Fortunately, the talk goes really well. There is lots of laughter in the right places and some heavy-duty applause at the end. Afterwards its lunch; a chicken BLT and a can of Cherry Pepsi (picked just because I’d never seen it before. It turns out that Cherry Coke is better).

The fog lifts and the sun reveals a warm day.

In the evening I meet up again with my new friends and we go to Scomer’s. A great restaurant with a speciality in sea food. Afterwards we wander across to the next pier along. Seals. Dozens, perhaps hundreds of real live seals. They bark. They snort. They sneeze. They stink like shit. During a walk along the street we find that there are as many crap shops full of crap as there are seals. I buy a $12 pair of sunglasses. Wearing them at night makes me feel like a rock star, so I stop.

Bed. Sleep. Tomorrow I will be a tourist all day.

There is a drug treatment center in tampa that helps people with overcoming the addictions

San Francisco, Day 1

I love my job.

I’m sitting in a 25th floor room in the Hilton, San Francisco, looking out across the city. Magnificent. I vow to ride up to the top floor later. From the 46th floor I will be able to see more than just this glimpse of the Golden Gate Bridge.

I arrived yesterday evening after a gruelling journey from England. A whole day without rest. The only advantage was that I had time to read the whole of Zen and the Art of Motorcycle Maintenance. Air travel is boring but at least its a great chance to engage in mammoth reading sessions like that. Jet lag is a bitch though; it woke me up after only 6 hours sleep last night. Look, internal body-clock. I need this. Don’t you understand? It’s not midday, it’s four in the morning. No sense reasoning with it I suppose. Best just to gradually adjust.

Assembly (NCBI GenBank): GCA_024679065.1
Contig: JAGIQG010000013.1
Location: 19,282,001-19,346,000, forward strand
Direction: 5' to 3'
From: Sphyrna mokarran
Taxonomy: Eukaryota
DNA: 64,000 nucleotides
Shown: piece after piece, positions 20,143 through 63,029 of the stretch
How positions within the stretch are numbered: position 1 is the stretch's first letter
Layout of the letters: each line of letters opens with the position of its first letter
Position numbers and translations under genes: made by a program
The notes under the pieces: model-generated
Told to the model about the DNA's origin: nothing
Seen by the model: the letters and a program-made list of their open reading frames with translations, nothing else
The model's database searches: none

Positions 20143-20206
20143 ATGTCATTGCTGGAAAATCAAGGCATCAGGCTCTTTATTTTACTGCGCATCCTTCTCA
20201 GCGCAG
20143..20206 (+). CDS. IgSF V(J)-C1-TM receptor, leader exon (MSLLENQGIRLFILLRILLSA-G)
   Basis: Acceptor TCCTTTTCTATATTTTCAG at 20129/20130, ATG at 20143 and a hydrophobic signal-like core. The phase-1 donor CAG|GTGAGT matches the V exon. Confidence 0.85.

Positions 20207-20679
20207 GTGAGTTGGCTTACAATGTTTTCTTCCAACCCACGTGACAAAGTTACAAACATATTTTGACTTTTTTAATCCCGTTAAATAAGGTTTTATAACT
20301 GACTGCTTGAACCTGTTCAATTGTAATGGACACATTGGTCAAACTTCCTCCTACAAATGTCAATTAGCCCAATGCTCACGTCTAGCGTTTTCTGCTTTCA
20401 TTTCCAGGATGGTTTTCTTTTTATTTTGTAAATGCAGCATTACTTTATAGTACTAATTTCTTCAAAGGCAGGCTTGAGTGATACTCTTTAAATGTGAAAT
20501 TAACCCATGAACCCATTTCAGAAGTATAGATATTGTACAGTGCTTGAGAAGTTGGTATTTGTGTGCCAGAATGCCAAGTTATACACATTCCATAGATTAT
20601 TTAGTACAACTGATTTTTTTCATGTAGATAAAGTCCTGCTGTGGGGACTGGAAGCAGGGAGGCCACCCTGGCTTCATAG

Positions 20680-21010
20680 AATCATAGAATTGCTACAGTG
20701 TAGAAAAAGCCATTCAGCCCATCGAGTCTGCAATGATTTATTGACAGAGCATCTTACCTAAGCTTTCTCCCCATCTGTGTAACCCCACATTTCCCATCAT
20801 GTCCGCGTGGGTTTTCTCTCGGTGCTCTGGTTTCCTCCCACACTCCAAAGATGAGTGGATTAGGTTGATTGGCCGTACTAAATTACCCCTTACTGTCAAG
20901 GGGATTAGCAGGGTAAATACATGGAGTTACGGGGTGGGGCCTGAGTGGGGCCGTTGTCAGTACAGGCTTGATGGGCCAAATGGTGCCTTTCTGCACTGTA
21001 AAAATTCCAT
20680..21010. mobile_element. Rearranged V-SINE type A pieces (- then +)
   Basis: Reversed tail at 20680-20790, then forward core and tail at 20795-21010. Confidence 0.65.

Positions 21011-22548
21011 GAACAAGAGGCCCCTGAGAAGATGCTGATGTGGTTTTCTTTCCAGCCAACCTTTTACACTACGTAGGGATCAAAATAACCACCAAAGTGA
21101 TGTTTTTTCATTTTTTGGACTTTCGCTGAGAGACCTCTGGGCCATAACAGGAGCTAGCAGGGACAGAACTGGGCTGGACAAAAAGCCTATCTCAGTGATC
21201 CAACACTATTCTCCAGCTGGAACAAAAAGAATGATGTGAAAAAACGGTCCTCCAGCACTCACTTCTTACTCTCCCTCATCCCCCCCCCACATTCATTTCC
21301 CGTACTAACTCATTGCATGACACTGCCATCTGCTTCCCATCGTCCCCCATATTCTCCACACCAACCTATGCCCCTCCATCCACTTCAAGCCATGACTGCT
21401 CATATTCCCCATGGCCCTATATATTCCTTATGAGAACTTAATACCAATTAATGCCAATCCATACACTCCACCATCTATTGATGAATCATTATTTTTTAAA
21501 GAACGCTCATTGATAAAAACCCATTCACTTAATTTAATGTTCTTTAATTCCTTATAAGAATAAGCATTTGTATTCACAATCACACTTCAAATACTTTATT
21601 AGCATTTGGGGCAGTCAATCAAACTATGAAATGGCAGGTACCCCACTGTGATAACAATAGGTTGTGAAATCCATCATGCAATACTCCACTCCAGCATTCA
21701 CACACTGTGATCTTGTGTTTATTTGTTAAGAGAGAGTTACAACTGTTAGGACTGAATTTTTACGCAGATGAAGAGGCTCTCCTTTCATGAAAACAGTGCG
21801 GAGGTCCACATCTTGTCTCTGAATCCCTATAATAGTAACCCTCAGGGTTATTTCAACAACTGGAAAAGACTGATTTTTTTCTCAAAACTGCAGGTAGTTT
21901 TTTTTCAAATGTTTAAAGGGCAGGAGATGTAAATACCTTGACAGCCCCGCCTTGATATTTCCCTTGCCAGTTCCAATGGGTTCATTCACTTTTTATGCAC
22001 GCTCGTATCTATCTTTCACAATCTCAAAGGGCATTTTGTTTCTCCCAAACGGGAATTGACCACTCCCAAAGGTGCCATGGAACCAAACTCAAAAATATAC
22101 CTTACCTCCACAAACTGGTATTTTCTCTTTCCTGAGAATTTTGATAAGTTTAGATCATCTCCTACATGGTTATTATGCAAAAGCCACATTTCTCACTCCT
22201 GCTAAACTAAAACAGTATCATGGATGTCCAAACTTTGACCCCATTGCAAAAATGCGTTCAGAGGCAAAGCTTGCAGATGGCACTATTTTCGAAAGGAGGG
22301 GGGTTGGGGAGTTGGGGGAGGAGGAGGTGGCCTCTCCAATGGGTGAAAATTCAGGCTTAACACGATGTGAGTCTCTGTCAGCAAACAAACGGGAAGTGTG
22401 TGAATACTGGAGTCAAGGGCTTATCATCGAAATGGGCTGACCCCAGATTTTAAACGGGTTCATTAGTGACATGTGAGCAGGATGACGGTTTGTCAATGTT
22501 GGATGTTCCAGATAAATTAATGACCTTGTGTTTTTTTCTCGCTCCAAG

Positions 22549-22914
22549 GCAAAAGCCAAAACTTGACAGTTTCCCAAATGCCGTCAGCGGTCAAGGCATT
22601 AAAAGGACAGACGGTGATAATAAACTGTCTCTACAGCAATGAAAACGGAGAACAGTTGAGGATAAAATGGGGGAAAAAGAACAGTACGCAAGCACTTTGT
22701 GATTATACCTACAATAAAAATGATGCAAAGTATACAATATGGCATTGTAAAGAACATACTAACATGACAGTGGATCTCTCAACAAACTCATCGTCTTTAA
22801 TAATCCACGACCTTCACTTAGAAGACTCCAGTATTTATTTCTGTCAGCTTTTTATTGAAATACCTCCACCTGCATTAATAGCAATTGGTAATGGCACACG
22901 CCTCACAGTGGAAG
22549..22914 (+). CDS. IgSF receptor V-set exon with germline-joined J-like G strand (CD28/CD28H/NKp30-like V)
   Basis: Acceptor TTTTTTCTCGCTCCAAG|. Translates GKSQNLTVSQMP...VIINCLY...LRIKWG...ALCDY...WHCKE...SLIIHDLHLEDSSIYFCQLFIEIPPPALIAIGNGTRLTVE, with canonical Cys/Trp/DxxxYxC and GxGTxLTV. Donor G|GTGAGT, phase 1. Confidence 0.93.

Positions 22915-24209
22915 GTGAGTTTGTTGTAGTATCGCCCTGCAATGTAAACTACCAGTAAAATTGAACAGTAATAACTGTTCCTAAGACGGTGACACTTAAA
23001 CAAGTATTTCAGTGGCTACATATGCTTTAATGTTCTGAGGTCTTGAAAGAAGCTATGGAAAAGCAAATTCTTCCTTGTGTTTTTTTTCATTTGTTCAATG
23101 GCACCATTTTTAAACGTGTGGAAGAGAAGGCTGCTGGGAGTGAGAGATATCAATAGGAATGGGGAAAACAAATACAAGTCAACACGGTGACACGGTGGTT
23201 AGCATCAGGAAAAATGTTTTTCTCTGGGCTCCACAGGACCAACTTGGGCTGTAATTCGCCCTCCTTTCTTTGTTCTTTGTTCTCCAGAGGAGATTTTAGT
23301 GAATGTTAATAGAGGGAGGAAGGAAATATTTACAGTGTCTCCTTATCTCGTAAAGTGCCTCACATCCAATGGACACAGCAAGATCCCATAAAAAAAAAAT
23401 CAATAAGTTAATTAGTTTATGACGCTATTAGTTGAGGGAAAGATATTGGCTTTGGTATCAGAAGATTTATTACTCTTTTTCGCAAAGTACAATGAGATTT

I’m here for a conference. I am speaking at a ‘Technical Developers’ conference. (There are non-technical developers somewhere? Keep them away from me.) Today is a dead day as far as the conference goes. Food and drinks will be served later, so I shall go and network. I have business cards with me. These will go to deserving people only. Business card whores, who feel the day is not complete unless they get through a stack of 50 cards, annoy the hell out of me. I couldn’t do that. I brought about 20 with me. Most of the reason I’m so frugal with my cards is that I hate it when people contact me after conferences. I’m a developer. Conferences are strictly a side-line.

I briefly visit the conference center. About 9:30. No rush. I register – enjoying as I always do the ever-so-slightly surprised look in the eye of the staff when I (looking no older than my 22 years) register as a speaker. Internally I’m saying “Yes. I’m speaking. Yes, I probably am the same age as your son. I’m sure he could speak in public too if he wanted.” I have never had a problem with speaking to audiences.

The cinema one block from the conference center opens at 10 am. It was a Loews Cineplex. I watch the 11:30 showing of American Pie 2. Not quite as funny as the original but pretty watchable. The hour between buying the ticket and the start of the film I spend wandering and eating. I found a Burger King. It took an age to find the right change. “A dime is 10 cents, right?” I’m still not used to this currency. I will never know why the nickel is twice the size of the dime. That’s stupid. My favourite coin is the quarter. Pretty, pleasantly sized and a reasonable value. We don’t have 25p coins in the UK. The 20p is the closest you get. Mind you, we gave up on £1 notes a while ago too (we == English. They still exist in Scotland). Dollar bills don’t annoy me though. It’s fun to hold a wad of cash and not know how much is there until you’ve checked every note. Does the Federal Bank think that different colours and sizes for different valued notes would be too radical?